Denying basic rights According to Shampa Sengupta, Director, Sruti Disability Rights Centre, Kolkata, forcible hysterectomies are a violation of human rights, apart from legal, moral and ethical rights. “It’s a denial of a woman's basic right her right to bear a child”. What happens when girls as young as 9 or 12 are sterilised? There is no specific study in the Indian context but the Hysterectomy Association in the UK lists some of the risks as pelvic inflammatory disease, endometriosis, depression and back pain.
The practice of forced hysterectomies became public in 1994, when they were found being conducted on mentally challenged women between the ages of 18 and 35 at Sassoon General Hospital, Pune. A 1994 article in the British Medical Journal said “...health authorities claim consent was given by the women's parents or other lawful guardians and that the operations were done to maintain the women's hygiene during menstruation...” The same reason was cited in 2008 by the Maharashtra government seeking to conduct hysterectomies on 300-odd women in five government homes.
This, in the face of guidelines laid down in the early 1990s by the Indian Journal of Medical Ethics that recommended setting up a qualified panel to examine the girls. The guidelines stressed that “hysterectomy in the absence of a conscientious effort at helping the woman to maintain personal hygiene cannot be justified”.
What can such panels actually achieve? Says Akhil Paul, Director of Sense International India, an Ahmedabad NGO that works with deaf-blind children and adults: “The panel can only take action if a complaint is made.”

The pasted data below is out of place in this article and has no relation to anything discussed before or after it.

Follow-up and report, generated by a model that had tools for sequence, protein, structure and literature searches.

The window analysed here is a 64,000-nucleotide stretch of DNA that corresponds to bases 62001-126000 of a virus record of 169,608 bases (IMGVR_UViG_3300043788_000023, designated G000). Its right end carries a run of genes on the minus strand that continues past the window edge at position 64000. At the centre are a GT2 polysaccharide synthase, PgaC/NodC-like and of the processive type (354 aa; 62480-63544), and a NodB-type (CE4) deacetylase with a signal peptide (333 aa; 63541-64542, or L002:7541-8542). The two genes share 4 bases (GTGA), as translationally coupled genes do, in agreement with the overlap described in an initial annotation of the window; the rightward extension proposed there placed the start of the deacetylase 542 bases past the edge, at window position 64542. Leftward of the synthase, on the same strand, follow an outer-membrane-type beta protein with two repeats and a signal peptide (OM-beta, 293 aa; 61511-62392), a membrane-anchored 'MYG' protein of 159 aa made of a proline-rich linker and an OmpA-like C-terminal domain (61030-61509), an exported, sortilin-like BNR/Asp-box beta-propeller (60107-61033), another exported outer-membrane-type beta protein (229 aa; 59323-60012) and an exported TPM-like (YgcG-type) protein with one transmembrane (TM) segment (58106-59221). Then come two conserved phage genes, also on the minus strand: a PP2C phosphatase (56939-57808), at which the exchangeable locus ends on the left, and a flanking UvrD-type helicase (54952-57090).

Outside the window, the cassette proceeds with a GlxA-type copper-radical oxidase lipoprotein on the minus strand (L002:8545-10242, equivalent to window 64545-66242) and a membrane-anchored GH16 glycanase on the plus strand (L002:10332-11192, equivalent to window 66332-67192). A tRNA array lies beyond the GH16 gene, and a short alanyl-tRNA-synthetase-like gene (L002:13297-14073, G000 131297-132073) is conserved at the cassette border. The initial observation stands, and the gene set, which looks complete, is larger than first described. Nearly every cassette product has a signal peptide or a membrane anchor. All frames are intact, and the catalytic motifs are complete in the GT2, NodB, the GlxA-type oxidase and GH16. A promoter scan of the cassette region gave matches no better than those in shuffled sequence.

The real picture But what’s worse is what’s left unspoken. Hysterectomies are often carried out, as Sengupta notes, so that the girl does not become pregnant if abused. It’s a larger conspiracy where parents and society stay silent about the abuse; and about the hysterectomies or abortions after the abuse. Says Paul, “Often, the abusers are people who meet them everyday. Auto drivers, rickshaw wallahs, family and peers.”
Do hysterectomies then merely perpetuate the sexual abuse of the disabled? Last July, a young woman's body was found buried within the compound of the NGO Dulal Smriti Samsad in West Bengal. It was that of Guriya, a mentally-ill destitute woman. The Home, although registered under the Persons with Disabilities Act, the National Trust Act and the Juvenile Justice Act, was not monitored by any agency. Sengupta was one of those who investigated the incident. “Many women had been subjected to routine sexual abuse, some even had Copper-Ts (contraceptive) inserted in their bodies,” she says.
And what happens when the abuser is a family member, a father, sibling, family friend or uncle? “Many doctors speak of carrying out hysterectomies on the request of the girls' mothers. My own gynaecologist has told me of a disabled girl brought in by the mother for an abortion. Some mothers know their daughters are being abused but keep quiet,” Sengupta says.
Farida Rizwan, though, has vowed not to keep quiet. She is fully aware of how vulnerable her daughter is. “One day, Farheena told me her classmate (a girl) had grabbed her breast. Farheena knew this was wrong because I have taught her about 'good' touch and 'bad' touch. But what about the girl who touched her? Someone must be abusing her which is why she touched my daughter inappropriately. Who will help that girl?” she asks. Award-winning blogger Rizwan is vocal on the issue of the rights of the disabled, and one thing she is sure of: “Removing her uterus will not protect my daughter”.
Silent Conspiracy India's Persons with Disabilities Act, 1995 is silent on the subject of violence towards and sexual exploitation of disabled girls and women. Now, a Draft Disabilities Bill is ready. It strongly advocates: